The mud offers a source of nutrition for the species as it has high organic content in the form of detritus the Chironomus sp breaks this down into mineral salts to survive on. The mud is extremely important to the Chironomus sp therefore the woodland pond is its ideal habitat as it has an average depth of 14. 3cm of mud while the meadow pond has only 12. 6cm. Another abiotic factor is light; the Chironomus sp lives in mud which means it doesn’t need much light to survive. The amount of light and oxygen is closely linked, as the more light the faster the plants will photosynthesis resulting in a high oxygen content.

Due to the Chironomus sp containing haemoglobin which has a high affinity for oxygen in low partial pressures it is able to survive in these low oxygen conditions. The Chironomus sp is also adapted to live in a pH of around 6. 5 to 7. 5 this pH is present in 15cm, which is the ideal depth for the Chironomus sp to live in, it is also the depth of the woodland pond. As you can see from my abiotic factor results both ponds both ponds have the correct pH for the Chironomus sp to live in. This shows that pH doesn’t affect the Chironomus sp as much as the other abiotic factors.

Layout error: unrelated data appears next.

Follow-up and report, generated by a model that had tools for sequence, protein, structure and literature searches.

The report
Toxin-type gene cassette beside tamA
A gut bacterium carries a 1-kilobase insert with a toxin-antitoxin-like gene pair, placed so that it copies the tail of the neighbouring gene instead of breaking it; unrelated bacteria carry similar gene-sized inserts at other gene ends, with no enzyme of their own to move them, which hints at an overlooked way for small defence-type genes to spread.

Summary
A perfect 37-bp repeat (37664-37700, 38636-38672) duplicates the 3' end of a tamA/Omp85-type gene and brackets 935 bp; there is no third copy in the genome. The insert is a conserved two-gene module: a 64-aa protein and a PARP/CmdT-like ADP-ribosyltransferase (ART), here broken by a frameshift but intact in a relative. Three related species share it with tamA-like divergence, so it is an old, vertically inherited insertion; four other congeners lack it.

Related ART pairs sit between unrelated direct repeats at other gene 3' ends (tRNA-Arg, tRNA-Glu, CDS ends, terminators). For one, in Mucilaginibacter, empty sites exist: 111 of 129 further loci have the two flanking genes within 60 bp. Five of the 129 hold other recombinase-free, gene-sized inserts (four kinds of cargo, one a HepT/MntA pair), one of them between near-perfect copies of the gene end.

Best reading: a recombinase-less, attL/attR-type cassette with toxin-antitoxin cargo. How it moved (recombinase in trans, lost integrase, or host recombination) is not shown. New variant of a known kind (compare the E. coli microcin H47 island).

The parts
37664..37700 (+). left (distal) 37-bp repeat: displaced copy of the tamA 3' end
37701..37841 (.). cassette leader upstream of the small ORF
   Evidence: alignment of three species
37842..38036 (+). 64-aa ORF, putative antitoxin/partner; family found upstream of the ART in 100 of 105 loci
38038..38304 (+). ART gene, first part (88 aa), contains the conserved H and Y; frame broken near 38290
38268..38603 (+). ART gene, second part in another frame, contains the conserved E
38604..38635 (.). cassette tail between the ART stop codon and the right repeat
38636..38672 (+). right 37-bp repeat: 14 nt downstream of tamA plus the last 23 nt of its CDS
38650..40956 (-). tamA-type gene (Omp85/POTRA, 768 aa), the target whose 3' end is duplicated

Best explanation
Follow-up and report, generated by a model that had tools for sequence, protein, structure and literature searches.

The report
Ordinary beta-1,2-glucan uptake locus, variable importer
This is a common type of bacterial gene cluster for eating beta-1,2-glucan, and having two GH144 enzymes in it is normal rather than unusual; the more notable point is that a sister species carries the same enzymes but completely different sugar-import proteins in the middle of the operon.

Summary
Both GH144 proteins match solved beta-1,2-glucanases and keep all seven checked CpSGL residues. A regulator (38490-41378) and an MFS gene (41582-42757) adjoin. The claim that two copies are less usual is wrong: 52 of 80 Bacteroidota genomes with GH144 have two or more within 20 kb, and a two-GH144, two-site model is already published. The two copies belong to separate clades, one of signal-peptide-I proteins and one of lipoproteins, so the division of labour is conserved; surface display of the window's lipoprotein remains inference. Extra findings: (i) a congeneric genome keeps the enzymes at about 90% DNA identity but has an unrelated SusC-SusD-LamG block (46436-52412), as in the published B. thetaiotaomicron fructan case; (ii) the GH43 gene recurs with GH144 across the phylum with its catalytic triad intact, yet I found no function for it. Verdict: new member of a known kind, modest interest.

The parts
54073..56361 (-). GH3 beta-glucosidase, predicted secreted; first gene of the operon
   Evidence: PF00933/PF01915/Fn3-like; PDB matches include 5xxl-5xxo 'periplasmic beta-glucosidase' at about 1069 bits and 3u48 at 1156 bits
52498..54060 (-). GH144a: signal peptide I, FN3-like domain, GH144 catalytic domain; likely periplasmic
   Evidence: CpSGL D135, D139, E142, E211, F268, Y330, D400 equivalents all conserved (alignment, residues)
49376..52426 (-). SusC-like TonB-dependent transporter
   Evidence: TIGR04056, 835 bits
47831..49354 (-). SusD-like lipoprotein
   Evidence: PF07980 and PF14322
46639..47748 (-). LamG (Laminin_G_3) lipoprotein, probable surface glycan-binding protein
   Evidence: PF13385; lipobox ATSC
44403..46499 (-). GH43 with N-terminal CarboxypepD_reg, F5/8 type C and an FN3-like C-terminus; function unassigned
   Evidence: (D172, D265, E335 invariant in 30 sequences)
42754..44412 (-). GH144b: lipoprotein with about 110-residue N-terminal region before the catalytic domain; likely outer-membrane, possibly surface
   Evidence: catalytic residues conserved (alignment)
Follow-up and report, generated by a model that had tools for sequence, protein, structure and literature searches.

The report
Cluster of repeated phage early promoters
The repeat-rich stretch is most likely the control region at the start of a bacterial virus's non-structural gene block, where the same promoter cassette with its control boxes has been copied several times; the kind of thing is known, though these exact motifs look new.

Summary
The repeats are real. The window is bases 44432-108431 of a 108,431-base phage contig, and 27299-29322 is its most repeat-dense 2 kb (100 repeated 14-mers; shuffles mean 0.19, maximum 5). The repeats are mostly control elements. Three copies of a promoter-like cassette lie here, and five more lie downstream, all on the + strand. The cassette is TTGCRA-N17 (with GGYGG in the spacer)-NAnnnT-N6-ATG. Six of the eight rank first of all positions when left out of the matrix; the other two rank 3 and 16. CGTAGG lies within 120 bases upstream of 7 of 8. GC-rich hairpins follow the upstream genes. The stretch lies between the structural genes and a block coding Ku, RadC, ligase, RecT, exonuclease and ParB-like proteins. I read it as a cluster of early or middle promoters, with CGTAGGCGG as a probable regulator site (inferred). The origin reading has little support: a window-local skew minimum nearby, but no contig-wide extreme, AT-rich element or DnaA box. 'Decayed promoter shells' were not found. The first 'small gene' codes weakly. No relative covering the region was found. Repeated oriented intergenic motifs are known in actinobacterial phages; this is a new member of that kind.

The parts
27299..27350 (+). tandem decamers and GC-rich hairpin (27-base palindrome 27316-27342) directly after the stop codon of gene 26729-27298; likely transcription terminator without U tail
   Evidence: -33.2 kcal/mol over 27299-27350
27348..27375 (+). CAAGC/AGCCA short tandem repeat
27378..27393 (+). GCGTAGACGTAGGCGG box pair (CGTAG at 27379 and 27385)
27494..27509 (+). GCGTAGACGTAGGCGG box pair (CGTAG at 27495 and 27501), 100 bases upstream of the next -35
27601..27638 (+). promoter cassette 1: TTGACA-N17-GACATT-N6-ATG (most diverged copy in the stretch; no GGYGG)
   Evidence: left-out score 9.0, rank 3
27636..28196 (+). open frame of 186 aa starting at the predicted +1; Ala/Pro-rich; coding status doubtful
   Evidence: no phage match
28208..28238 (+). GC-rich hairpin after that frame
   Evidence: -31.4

In conclusion the woodland pond has all the ideal living conditions for the Chironomus sp, this is why I found a larger number of Chironomus so in the woodland pond compared to the meadow pond. I feel my results are reliable enough to make a valid conclusion. My results only show two slight anomalies. This can be seen highlighted in red on my table. In the meadow pond the anomaly is 4, this is higher than the other results. The other anomaly in the woodland pond is 6, this is lower than the other results. These results weren’t serious enough to affect the overall averages.